Saturday can be the worst enemy for our waistlines, according to researchers at Washington University School of Medicine in St. Louis.
They found that study subjects on strict diet and exercise programs tend to lose weight more slowly than expected because they eat more on weekends than during the week. The investigators report their findings in the advance online publication of the journal Obesity.
Past research had confirmed that people tend to gain weight during the holidays, particularly between Thanksgiving and New Year's, but this is the first study to carefully monitor daily body weight, calorie intake and calorie expenditure for several weeks throughout a year, and to demonstrate that increased caloric intake isn't just a problem during the holidays. It also happens on most weekends.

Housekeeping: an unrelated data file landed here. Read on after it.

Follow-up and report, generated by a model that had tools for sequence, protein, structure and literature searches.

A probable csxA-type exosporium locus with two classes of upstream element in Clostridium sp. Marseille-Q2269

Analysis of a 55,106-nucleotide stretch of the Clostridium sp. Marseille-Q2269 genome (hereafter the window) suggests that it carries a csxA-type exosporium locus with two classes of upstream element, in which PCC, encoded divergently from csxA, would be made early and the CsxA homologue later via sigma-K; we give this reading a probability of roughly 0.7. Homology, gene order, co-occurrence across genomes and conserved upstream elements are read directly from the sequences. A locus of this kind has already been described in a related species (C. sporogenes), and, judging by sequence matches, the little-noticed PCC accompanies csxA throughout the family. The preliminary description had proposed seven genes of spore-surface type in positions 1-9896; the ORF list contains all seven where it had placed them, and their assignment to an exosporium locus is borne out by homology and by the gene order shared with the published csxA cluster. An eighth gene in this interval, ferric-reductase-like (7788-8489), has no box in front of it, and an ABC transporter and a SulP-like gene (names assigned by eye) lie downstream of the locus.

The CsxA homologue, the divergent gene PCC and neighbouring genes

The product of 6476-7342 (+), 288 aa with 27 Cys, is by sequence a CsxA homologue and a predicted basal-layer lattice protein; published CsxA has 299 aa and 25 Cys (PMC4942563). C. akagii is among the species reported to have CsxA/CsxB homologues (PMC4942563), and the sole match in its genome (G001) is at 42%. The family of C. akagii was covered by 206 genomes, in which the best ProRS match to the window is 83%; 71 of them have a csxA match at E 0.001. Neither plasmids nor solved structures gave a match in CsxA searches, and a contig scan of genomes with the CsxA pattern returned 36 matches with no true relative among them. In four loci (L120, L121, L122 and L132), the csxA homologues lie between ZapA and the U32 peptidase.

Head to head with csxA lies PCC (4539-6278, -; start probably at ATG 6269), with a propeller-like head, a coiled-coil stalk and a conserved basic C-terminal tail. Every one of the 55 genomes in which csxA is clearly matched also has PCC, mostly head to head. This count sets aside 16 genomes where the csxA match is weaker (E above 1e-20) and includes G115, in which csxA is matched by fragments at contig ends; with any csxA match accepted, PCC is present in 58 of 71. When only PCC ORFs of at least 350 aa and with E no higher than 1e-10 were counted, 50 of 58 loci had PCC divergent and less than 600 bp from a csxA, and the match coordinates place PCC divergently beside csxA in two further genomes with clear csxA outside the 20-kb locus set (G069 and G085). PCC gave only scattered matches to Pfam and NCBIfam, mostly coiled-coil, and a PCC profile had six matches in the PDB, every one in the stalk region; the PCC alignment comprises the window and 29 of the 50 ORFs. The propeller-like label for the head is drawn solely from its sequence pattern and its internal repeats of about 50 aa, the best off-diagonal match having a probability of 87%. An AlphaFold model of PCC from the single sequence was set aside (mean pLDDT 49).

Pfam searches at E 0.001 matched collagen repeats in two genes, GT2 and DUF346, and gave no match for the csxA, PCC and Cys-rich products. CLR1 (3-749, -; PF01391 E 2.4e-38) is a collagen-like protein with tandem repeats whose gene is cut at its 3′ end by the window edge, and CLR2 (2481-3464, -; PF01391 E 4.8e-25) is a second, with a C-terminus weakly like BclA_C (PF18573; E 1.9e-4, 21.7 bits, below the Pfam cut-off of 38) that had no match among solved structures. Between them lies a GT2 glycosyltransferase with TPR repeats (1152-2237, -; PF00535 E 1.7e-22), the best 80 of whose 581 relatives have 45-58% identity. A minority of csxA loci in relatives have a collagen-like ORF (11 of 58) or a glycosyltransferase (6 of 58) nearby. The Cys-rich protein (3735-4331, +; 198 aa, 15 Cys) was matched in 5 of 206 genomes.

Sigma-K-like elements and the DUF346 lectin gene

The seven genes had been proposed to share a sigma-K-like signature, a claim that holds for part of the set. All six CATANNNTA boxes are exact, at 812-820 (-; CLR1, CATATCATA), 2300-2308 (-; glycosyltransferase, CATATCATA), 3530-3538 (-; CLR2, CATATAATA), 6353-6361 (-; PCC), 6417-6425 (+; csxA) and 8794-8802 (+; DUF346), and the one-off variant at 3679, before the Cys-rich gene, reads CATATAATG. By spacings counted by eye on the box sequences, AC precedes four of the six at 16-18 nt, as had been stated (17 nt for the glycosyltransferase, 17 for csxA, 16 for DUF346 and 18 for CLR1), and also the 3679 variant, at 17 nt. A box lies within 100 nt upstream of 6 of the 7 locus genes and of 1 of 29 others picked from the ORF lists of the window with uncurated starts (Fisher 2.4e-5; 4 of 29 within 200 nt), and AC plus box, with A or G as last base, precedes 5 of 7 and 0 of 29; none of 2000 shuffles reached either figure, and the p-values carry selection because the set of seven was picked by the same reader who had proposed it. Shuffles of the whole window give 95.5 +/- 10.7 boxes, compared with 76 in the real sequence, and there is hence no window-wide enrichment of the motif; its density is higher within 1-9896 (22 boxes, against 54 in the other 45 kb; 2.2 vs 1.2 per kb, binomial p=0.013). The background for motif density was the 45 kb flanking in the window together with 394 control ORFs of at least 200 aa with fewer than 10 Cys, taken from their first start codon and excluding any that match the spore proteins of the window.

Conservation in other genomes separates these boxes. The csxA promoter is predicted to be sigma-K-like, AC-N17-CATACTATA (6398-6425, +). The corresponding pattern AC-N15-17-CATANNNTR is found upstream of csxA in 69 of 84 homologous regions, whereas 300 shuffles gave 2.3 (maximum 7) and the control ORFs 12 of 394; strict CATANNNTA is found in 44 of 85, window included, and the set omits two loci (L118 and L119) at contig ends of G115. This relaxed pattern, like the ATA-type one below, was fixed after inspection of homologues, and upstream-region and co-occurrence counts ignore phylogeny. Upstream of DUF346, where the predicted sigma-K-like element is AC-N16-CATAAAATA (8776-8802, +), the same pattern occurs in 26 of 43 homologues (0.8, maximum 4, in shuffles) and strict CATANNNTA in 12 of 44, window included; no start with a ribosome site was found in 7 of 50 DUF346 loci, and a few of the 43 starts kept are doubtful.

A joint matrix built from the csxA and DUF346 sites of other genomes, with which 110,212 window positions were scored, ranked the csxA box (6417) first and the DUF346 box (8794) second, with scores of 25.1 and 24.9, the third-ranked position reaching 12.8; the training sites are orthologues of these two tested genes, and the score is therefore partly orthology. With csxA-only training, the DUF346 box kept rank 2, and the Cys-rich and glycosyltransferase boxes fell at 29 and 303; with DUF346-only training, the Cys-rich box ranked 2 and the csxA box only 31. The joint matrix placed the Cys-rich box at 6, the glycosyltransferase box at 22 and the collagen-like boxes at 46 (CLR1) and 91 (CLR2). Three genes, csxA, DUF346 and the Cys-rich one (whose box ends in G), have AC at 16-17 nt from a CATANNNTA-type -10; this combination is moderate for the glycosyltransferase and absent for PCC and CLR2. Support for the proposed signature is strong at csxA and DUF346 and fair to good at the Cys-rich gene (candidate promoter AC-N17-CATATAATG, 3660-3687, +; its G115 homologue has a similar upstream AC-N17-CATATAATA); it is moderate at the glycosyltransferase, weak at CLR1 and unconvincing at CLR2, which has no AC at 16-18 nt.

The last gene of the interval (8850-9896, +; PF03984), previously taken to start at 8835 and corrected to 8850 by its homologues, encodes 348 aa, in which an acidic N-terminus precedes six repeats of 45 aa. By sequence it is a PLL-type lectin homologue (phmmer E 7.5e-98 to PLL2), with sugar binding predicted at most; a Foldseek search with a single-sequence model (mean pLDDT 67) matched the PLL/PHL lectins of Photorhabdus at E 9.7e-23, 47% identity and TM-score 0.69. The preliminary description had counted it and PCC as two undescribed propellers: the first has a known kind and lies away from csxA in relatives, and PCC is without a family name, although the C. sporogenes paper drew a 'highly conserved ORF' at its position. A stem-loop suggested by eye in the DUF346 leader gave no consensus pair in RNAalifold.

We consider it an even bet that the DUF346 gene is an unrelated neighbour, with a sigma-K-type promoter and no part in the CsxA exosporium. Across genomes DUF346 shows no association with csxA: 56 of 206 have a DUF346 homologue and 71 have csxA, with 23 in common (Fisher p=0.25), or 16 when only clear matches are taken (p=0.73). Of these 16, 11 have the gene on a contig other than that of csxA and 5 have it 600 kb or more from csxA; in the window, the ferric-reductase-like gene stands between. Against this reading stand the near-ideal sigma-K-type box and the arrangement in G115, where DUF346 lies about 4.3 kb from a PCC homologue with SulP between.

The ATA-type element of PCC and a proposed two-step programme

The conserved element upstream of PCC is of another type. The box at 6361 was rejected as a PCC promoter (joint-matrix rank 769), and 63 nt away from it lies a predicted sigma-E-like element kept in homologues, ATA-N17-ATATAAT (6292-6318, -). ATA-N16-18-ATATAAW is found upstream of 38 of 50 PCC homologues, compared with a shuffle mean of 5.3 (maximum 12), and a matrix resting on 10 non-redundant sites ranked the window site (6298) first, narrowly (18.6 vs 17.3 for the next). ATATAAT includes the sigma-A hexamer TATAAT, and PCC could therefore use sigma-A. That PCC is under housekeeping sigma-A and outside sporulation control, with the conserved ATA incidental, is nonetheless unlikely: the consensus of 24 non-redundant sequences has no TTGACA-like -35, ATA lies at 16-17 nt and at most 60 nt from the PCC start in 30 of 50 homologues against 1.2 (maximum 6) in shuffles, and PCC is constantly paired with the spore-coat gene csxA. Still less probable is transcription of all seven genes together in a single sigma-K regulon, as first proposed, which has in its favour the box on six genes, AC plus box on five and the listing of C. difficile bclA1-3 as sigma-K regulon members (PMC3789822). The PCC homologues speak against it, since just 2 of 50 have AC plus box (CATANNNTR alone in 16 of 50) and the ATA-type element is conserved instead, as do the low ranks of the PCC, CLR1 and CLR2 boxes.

"We thought weekends would present a problem for some people attempting to lose weight, but the consistency of our finding before and during the interventions was surprising," says first author Susan B. Racette, Ph.D., assistant professor of physical therapy and of medicine. "Subjects in the diet group lost weight during the week, but over the weekend, they stopped losing weight because they were eating more."
Racette's team followed 48 adults between the ages of 50 and 60 who took part in the CALERIE (Comprehensive Assessment of Long-term Effects of Reducing Intake of Energy) study. Body mass index (BMI) ranked subjects as overweight or healthy weight when the study began. None were classified as obese.
Following earlier studies demonstrating that mice and rats live longer, healthier lives when on a calorie restricted diet, the CALERIE study is designed to determine whether taking in fewer calories over a long time period will slow down or reverse some of the common markers of aging and disease.
"But rats don't have weekends the way people do," Racette says. "On weekends, human lifestyle patterns can be very diff
|Contact: Jim Dryden|
Washington University School of Medicine